A more common term for a personal financial structure is a legal entity. We will use these two terms interchangeably throughout this article.
First-time investors don’t even think about personal financial structures; some seasoned investors often find it confusing. However, it’s essential to understand the options available and make an informed decision.
Why? Because it will affect the property’s ownership, the property taxes applicable to the purchase and sale, and even your available finances. Today, we want to help you choose a personal financial structure.
We will explore the options available to the savvy real estate investor in-depth and look at the advantages and disadvantages of each structure. Remember that you should seek advice from your accountant, solicitor, and mortgage broker to choose the right approach tailored to suit your financial goals and current situation.
This is the first article of a six-part series that aims to educate you on personal financing structures so that you can make informed decisions that are crucial to building a successful property investment portfolio. One of the most important things to remember going into this is that there is no one-size-fits-all personal financing structure. Individual circumstances differ, so you must choose what works best for you.
How do I Choose a Personal Financial Structure that’s right for me?
“Why should I consider a trust, company, or SMSF instead of buying an investment property?” is one of the most common questions asked in the real estate investment industry. Here are some of the most compelling factors to consider when searching for an answer to this strategically important question:
- Leverage: Capital is a limited resource, including from a borrowing perspective. How much you can borrow is dependent on the serviceability of a loan. Different types of structures open up the potential for an increased pool of capital. This opens up the potential for property investments that may not be available on your own.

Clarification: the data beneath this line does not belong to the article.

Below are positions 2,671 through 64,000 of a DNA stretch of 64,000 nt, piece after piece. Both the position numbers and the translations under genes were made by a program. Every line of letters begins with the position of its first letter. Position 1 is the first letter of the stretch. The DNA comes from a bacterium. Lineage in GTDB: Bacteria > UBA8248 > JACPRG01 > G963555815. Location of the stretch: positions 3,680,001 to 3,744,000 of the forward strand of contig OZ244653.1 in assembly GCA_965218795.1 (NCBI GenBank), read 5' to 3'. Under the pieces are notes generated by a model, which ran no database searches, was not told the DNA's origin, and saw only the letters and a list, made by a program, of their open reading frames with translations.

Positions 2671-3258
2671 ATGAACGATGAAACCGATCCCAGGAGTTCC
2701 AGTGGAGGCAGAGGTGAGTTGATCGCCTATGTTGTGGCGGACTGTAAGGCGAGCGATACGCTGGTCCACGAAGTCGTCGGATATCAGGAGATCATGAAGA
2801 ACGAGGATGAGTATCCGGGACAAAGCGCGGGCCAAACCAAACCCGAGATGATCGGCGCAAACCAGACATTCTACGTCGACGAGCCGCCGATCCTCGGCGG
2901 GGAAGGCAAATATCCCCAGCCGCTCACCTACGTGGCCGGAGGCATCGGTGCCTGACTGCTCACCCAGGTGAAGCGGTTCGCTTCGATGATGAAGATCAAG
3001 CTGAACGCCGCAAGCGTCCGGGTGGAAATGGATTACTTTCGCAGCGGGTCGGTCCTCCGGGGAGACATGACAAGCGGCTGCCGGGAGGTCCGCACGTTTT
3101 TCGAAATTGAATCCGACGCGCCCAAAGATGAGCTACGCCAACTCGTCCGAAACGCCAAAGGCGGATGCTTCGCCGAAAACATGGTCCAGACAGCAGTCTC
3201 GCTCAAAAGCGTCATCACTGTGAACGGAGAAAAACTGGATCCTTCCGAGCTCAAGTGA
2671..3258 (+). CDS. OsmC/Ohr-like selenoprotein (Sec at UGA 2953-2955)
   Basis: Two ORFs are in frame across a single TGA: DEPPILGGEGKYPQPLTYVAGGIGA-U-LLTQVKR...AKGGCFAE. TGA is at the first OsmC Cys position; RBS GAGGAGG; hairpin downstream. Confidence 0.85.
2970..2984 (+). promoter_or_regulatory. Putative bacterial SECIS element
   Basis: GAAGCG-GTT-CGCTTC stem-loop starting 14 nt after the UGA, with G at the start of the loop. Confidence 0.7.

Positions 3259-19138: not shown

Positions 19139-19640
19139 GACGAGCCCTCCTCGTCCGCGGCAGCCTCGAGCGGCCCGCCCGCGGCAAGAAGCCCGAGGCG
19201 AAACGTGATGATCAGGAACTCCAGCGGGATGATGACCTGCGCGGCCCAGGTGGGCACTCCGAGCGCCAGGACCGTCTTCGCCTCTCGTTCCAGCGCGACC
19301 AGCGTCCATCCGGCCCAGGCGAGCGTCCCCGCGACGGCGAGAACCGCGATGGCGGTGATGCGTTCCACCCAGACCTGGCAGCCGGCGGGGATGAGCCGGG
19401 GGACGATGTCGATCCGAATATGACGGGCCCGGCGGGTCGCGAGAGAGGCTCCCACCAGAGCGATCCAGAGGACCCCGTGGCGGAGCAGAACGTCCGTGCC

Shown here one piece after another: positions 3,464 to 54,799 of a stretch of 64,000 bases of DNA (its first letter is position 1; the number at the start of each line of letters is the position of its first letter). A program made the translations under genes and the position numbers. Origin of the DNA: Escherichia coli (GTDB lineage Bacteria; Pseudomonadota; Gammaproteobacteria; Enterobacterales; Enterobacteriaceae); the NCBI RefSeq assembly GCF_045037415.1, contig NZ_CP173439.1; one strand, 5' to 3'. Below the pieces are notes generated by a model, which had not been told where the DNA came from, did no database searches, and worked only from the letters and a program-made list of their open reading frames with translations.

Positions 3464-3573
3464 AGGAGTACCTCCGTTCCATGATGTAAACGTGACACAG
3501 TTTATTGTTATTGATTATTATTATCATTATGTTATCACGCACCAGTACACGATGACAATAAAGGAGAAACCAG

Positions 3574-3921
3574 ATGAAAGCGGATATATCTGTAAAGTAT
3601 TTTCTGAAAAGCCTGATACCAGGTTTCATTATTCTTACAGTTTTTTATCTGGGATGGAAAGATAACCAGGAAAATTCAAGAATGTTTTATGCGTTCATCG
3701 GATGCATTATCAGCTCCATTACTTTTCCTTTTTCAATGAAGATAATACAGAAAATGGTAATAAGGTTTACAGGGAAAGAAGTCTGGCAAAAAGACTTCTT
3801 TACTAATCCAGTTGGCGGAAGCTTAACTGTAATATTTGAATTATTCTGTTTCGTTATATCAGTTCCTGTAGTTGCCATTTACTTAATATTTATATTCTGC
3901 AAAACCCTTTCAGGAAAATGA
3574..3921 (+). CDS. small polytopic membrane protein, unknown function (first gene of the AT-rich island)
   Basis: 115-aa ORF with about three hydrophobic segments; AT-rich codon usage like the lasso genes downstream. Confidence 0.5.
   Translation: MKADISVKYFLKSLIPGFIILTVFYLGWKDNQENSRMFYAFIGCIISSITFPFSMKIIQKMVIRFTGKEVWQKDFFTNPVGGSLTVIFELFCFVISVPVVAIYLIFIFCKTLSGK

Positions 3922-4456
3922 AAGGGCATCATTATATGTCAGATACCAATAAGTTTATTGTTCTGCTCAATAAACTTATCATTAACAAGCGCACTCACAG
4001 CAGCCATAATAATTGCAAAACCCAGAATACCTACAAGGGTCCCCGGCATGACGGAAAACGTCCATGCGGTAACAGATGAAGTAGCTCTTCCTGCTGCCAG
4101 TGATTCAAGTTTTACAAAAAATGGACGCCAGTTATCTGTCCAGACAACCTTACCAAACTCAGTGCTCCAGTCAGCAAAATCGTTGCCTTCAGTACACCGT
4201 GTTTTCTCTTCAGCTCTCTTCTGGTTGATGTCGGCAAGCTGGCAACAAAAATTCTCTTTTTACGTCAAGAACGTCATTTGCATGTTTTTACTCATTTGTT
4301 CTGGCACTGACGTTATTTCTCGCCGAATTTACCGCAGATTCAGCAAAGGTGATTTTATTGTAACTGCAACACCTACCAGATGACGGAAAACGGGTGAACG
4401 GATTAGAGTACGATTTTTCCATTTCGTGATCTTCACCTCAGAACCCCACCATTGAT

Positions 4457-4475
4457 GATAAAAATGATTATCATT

- Compliance: Compliance is one of the costs involved when considering the right personal financial structure for a successful property investment journey, especially at the beginning.
- Setup Costs: Similarly to the issue of compliance, the setup costs need to be factored in when determining the Return on Investment (ROI) of a property investment.
- Asset Protection: If you are currently single, a personal financing structure will allow you to protect your assets when you enter a relationship. Additionally, the correct structure choice allows for the protection of inheritances and effective wealth transfer between generations.
- Property Taxes: A personal financing structure will provide optimum tax advantages, which are always welcome. Education on this topic also provides the property investor with an awareness of the disadvantages of each type of structure.
- Liquidity and Flexibility: Investing in real estate is a long game. Liquidity and flexibility are important factors to consider throughout the lifetime of your real estate investment journey.
- Wealth Transfer: Real estate investment is a long game, and the transfer of wealth is an important strategic factor to consider when one is setting themselves up for success.
Our next five articles will help you maximise the discussions with a professional by discussing these topics at length to choose the right personal financial structure required to begin your property investment journey. Our articles will help you understand the benefits a lot better and explain the law, which is constantly evolving.
Successful property investors know they need to surround themselves with a team of experts to help them formulate the perfect property investment strategy. Our articles on this topic aim to help you initiate these high-value conversations so that you can build the right team of experts to suit your circumstances and your property investment goals.
What types of Legal Entities are available to me?
Whether you are a seasoned property investor, or a beginner, trying to make a decision on your own can be overwhelming.